Fishing Spillways | Giant Snook Await
Fishing spillways provide ample opportunity for any curious angler to tangle with some really large fish. In south Florida, the real prize is giant snook. What is it about spillways that make them such interesting fishing spots? Well, you have two core fundamentals of good fishing at play which are structure and moving water. A spillway is a giant concrete structure with lots of rip rap on both sides to control erosion. What they do is control the flow of water from the freshwater lakes and swamps into canals that move water out to the ocean. When the heavy rains come to tropical south Florida, spillways help prevent flooding.
History of Florida Spillways
Spillways in Florida were created as part of the U.S. Army Corps of Engineers massive flood control plumbing system stretching from just south of Orlando to Florida Bay. The original idea behind this plan was to develop and protect the sought after agricultural lands of south Florida during the late 1800's through the mid-1950s. Today there are over 2000 miles of canals and associated locks/water control gates or spillways draining precious fresh water off of South Florida and out into the ocean. Not only do the spillways manage flood waters, they also prevent saltwater intrusion into the agricultural areas.
The unintended by-product of this massive water management program was the creation of super dynamic fish aggregators. Spillways are essentially inland FAD's for freshwater and saltwater species. When you look at how fish behave in any system where there is a flow control like a dam or a control gate, fish will swim all the way up to the point at which they can go no further, that being the massive structure that controls the release of water.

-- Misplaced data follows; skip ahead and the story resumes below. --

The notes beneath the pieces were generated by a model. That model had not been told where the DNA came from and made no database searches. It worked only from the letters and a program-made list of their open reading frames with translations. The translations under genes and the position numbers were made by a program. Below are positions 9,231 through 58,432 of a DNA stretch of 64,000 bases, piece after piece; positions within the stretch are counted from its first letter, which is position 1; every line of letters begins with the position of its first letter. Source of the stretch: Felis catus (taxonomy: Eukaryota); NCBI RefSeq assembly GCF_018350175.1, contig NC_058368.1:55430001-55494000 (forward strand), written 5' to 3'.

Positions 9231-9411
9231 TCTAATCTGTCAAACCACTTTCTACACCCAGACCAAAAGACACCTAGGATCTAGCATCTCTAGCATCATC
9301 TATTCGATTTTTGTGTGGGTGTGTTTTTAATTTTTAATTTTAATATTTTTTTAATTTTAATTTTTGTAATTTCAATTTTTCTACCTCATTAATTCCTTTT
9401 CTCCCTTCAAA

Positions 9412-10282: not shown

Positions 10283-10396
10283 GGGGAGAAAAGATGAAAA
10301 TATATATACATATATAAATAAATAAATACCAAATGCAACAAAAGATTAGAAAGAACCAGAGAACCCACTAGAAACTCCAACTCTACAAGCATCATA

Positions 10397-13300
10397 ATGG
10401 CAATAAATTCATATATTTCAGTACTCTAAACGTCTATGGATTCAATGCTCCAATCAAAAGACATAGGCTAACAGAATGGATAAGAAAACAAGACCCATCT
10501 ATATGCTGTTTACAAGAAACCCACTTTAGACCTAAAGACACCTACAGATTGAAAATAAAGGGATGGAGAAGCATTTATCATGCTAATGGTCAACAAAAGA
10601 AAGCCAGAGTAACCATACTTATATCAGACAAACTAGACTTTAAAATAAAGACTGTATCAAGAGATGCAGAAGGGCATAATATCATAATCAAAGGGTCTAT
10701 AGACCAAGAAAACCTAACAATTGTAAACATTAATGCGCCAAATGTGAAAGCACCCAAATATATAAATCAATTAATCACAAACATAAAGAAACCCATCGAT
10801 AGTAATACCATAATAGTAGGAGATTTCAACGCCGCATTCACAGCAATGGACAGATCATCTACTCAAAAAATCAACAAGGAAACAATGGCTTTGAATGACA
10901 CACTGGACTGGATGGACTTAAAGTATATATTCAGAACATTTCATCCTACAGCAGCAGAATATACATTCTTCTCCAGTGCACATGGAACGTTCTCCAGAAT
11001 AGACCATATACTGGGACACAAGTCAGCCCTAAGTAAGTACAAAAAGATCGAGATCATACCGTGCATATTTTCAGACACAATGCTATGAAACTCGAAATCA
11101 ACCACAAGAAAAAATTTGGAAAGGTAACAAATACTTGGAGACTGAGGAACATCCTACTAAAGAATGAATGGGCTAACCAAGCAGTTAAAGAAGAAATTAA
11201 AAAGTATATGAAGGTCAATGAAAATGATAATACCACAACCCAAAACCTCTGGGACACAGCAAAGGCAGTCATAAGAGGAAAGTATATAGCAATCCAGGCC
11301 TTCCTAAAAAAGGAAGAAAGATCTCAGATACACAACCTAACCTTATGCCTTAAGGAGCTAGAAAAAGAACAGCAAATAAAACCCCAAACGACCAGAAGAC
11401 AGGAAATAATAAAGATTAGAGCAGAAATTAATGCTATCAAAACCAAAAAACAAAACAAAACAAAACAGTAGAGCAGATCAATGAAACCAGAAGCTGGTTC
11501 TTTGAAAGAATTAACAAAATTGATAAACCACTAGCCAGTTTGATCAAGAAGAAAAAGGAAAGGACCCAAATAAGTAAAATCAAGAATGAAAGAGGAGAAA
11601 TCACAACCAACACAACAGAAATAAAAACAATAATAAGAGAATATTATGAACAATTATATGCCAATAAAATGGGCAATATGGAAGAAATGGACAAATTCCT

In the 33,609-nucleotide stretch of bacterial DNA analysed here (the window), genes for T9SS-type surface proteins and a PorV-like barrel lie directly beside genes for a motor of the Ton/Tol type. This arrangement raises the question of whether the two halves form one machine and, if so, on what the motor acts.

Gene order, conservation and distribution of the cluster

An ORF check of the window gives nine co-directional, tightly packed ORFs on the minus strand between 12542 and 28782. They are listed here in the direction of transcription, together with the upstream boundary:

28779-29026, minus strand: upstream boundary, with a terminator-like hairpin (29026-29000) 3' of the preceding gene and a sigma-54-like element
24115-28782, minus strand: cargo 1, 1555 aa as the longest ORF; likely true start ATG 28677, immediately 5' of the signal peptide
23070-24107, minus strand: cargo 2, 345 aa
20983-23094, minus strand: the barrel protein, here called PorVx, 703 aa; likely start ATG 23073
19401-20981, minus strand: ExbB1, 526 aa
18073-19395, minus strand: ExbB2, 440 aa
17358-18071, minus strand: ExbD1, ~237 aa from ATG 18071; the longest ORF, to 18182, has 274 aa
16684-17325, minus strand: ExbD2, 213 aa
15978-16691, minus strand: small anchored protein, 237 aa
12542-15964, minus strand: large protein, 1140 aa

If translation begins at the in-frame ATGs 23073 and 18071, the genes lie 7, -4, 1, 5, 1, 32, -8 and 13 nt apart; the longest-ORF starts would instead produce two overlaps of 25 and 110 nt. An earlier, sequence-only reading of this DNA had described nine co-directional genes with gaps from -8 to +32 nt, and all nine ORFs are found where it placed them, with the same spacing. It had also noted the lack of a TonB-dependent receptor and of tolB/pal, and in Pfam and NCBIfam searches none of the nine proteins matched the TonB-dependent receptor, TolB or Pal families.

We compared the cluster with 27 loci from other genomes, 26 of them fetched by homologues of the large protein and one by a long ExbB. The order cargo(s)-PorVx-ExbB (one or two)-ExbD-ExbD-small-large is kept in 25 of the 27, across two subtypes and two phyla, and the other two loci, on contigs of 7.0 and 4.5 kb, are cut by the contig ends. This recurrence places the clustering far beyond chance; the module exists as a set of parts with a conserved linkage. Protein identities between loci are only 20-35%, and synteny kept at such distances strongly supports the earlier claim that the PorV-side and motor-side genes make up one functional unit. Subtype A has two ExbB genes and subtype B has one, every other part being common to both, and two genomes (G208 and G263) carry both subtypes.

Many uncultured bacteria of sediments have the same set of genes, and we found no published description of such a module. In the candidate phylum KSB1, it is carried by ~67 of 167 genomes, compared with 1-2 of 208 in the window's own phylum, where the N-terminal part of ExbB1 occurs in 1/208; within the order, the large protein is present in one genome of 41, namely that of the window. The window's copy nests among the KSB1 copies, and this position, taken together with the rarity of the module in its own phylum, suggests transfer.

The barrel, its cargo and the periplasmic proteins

Most anywhere you find structure, especially massive structure, and moving water, you will find life. All fish relate to structure of some kind. Another component that draws fish is the vibration of moving water as it collides with structure. On one side of the spill, you have a suction force where water is being pulled from the freshwater source. On the other side you have a large quantity of water dumping into otherwise calm water. Current is created on both sides, periodically. Even though the release of water is periodically periodic, fish have been conditioned to move close to the spillway for a feast. What does periodically periodic mean? Well, a spillway only releases water when levels reach a certain point. This does not necessarily happen on a set schedule. In the rainy season, the release schedule will be more frequent than in the drier parts of the year. So, water will be released more heavily during specific times of the year.
Let's breakdown what fundamentally makes fishing spillways so interesting. There are several intense forces at play. You have both suction and expulsion happening to create a conveyor belt of food. As I have mentioned, the point of structure that is the spillway acts as a choke point. As water levels rise, water will need to be released, so the control gates will open. As the gates open, a suction force is created that pulls nutrients towards the spillway structure. When the gates close all this nutrients settles. As more and more nutrients builds up on the banks and manmade structure, more life aggregates. Largemouth bass are attracted to the reservoir above the spill to feast on smaller fish that are foraging on the nutrients and other life that build up. Below the spill, where the real magic happens, giant snook push up to feast on the fish that are sucked through the gates. As freshwater fish spill into the basin below the spillway, the force of the crashing water stuns those fish, as well as pushes fish living in the basin off there points of protection. All of this creates a veritable smorgasbord for predators like snook. The snook just lay back in the slack water and slam disoriented fish.